Forum for Science, Industry and Business

Sponsored by:     3M 
Search our Site:

 

Chemical synthesis: A simple technique for highly functionalized compounds

25.09.2013
Researchers at Kanazawa University have demonstrated a technique that allows direct functionalization of alkenes without the need for metallic reagents, photolysis or extreme reaction conditions.

This research is also described in the inaugural June issue of the Kanazawa University Research Bulletin: http://www.kanazawa-u.ac.jp/research_bulletin/index.html


Oxidative nitration of alkene 1a to produce ɣ-lactol (2a) and nitrate ester (3a)

The addition of functional groups to certain unsaturated hydrocarbons, known as alkenes, is a crucial stage in the synthesis of various compounds, including many plastics.

For these functionalization reactions to occur a carbon-hydrogen (C-H) bond must be activated, which is traditionally achieved using transition metal catalysts. However use of these catalysts has both economical and environmental drawbacks. Now researchers at Kanazawa University have demonstrated a technique that allows direct functionalization of alkenes without the need for metallic reagents, photolysis or extreme reaction conditions.

Tsuyoshi Taniguchi and colleagues at Kanazawa University developed work where they had reported a reaction of alkenes using tert-butyl nitrite and molecular oxygen. They monitored the reaction products — ɣ-lactol and nitrate ester — using different solvents, and found that a high polarity aprotic (hydrogen-free) solvent gave the best yield, with ɣ-lactol as the major product.

They then experimented with different alkenes and observed how the products differed for branched and linear alkenes. Further reduction reactions demonstrated how the new synthesis technique could yield a range of useful derivatives, producing highly functionalized compounds from simple alkenes in only one or two steps.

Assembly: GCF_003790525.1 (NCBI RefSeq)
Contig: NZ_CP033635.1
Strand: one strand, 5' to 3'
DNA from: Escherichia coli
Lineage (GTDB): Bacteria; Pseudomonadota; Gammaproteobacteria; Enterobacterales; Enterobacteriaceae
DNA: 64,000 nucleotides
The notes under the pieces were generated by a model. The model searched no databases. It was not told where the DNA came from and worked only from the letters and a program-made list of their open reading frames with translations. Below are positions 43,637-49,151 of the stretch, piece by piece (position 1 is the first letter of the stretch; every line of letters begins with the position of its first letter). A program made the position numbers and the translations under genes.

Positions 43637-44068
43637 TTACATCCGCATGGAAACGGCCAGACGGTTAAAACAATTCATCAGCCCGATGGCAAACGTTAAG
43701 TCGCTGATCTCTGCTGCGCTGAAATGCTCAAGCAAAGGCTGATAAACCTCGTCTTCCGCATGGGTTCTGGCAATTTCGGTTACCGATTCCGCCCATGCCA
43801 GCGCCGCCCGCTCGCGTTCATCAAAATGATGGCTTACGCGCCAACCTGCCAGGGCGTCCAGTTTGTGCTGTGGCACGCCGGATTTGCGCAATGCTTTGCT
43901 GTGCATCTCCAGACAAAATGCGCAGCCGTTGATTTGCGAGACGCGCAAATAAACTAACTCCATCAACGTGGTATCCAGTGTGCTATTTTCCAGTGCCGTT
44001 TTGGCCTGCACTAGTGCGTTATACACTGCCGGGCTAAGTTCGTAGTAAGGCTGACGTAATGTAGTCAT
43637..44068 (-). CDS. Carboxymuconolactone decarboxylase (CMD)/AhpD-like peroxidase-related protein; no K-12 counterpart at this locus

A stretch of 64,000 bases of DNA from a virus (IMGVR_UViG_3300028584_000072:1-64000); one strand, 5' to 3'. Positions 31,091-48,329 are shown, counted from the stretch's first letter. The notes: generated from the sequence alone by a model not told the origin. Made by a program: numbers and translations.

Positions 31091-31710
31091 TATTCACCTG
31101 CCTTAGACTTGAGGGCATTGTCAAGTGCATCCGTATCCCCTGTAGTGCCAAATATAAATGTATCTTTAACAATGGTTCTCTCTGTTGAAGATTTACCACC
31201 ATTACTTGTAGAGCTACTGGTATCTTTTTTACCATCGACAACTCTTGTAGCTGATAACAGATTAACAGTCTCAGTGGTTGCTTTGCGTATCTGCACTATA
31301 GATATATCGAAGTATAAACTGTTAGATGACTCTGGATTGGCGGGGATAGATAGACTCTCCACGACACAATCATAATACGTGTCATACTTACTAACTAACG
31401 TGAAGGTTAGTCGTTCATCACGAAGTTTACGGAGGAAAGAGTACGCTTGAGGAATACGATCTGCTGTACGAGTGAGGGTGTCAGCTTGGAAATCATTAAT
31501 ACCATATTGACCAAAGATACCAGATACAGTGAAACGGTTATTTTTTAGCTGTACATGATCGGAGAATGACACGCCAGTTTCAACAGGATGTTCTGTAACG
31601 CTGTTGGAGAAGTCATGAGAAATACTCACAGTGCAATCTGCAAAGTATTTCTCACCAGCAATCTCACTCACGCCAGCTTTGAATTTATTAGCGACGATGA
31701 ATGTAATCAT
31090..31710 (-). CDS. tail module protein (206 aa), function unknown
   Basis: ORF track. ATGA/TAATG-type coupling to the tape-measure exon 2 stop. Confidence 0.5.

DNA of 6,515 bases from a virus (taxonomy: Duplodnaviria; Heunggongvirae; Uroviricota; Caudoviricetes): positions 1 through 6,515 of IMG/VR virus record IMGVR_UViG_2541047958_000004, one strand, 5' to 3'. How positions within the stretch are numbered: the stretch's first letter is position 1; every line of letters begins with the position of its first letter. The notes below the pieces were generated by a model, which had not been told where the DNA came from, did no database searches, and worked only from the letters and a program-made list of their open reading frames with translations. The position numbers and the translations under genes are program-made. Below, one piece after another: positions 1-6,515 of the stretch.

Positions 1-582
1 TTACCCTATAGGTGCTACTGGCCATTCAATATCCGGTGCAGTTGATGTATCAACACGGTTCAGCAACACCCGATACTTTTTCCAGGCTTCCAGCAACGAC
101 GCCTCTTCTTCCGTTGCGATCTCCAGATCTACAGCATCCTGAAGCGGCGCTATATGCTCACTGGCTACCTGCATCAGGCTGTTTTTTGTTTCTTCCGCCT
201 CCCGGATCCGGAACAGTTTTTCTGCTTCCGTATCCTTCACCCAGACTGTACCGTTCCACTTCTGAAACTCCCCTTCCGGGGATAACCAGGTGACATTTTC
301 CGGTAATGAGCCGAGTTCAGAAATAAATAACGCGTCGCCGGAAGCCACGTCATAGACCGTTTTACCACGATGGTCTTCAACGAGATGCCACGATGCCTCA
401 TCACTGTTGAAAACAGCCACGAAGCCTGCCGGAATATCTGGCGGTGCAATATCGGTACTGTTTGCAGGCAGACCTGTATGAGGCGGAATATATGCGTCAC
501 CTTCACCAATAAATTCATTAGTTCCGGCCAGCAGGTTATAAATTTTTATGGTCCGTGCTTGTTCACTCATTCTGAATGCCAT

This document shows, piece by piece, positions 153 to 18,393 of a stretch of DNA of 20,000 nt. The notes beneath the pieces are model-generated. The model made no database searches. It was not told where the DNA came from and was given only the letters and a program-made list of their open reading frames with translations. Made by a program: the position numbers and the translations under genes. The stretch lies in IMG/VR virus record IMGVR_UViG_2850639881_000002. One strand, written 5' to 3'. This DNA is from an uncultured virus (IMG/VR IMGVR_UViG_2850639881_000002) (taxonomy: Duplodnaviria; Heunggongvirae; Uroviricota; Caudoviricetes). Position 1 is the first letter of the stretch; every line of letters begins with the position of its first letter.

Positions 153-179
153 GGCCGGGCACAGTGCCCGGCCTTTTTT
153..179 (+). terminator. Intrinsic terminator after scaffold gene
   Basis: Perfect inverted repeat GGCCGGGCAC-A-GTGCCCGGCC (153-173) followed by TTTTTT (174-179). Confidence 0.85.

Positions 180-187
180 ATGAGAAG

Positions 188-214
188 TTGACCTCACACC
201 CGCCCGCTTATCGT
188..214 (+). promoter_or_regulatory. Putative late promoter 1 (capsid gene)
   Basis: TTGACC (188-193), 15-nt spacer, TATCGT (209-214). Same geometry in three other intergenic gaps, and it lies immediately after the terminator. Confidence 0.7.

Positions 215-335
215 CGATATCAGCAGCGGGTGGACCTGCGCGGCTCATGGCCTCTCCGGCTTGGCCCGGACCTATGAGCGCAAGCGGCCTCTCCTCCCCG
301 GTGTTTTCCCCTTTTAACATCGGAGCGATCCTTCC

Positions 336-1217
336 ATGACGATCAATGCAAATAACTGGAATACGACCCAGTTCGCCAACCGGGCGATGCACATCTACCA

The researchers were also able to propose a possible reaction mechanism. While the exact pathway remains uncertain, they suggest that the key step is the cleavage of an oxygen-oxygen bond to form a highly reactive alkoxy radical – a molecular component comprising an oxygen with single bonds either side to hydrocarbon chains.

The work demonstrates how substantial yields of highly functionalized compounds can be achieved from simple organic molecules in simple conditions with no metal catalyst. The authors conclude, “We believe that such ‘simple and advanced reactions’ are promising in the development of useful synthetic methods involving direct C–H functionalization.”

Further information

Organization of Frontier Science and Innovation
Kanazawa University
Kakuma, Kanazawa, Ishikawa 920-1192, Japan
E-mail: fsojimu@adm.kanazawa-u.ac.jp
Website: http://www.o-fsi.kanazawa-u.ac.jp/en/about/
About Kanazawa University
As the leading comprehensive university on the Sea of Japan coast, Kanazawa University has contributed greatly to higher education and academic research in Japan since it was founded in 1949. The University has three colleges and 16 schools offering courses in subjects that include medicine, computer engineering, and humanities.

The University is located on the coast of the Sea of Japan in Kanazawa—a city rich in history and culture. The city of Kanazawa has cultivated a highly respected intellectual profile since the time of the Kaga fiefdom (1598–1867). Kanazawa University is divided into two main campuses: Kakuma and Takaramachi for its approximately 12,200 students including 500 from overseas.

Journal information

Publication and Affiliation
Tsuyoshi Taniguchi,* Yuki Sugiura, Takashi Hatta, Atsushi Yajima and Hiroyuki Ishibashi Multifunctionalization of alkenes via aerobic oxynitration and sp3 C–H oxidation. Chem. Commun. 49 (2013) 2198-2200
* School of Pharmaceutical Sciences, Institute of Medical, Pharmaceutical and Health Sciences, Kanazawa University, Kakuma-machi, Kanazawa 920-1192, Japan.

*corresponding author, e-mail address: tsuyoshi@p.kanazawa-u.ac.jp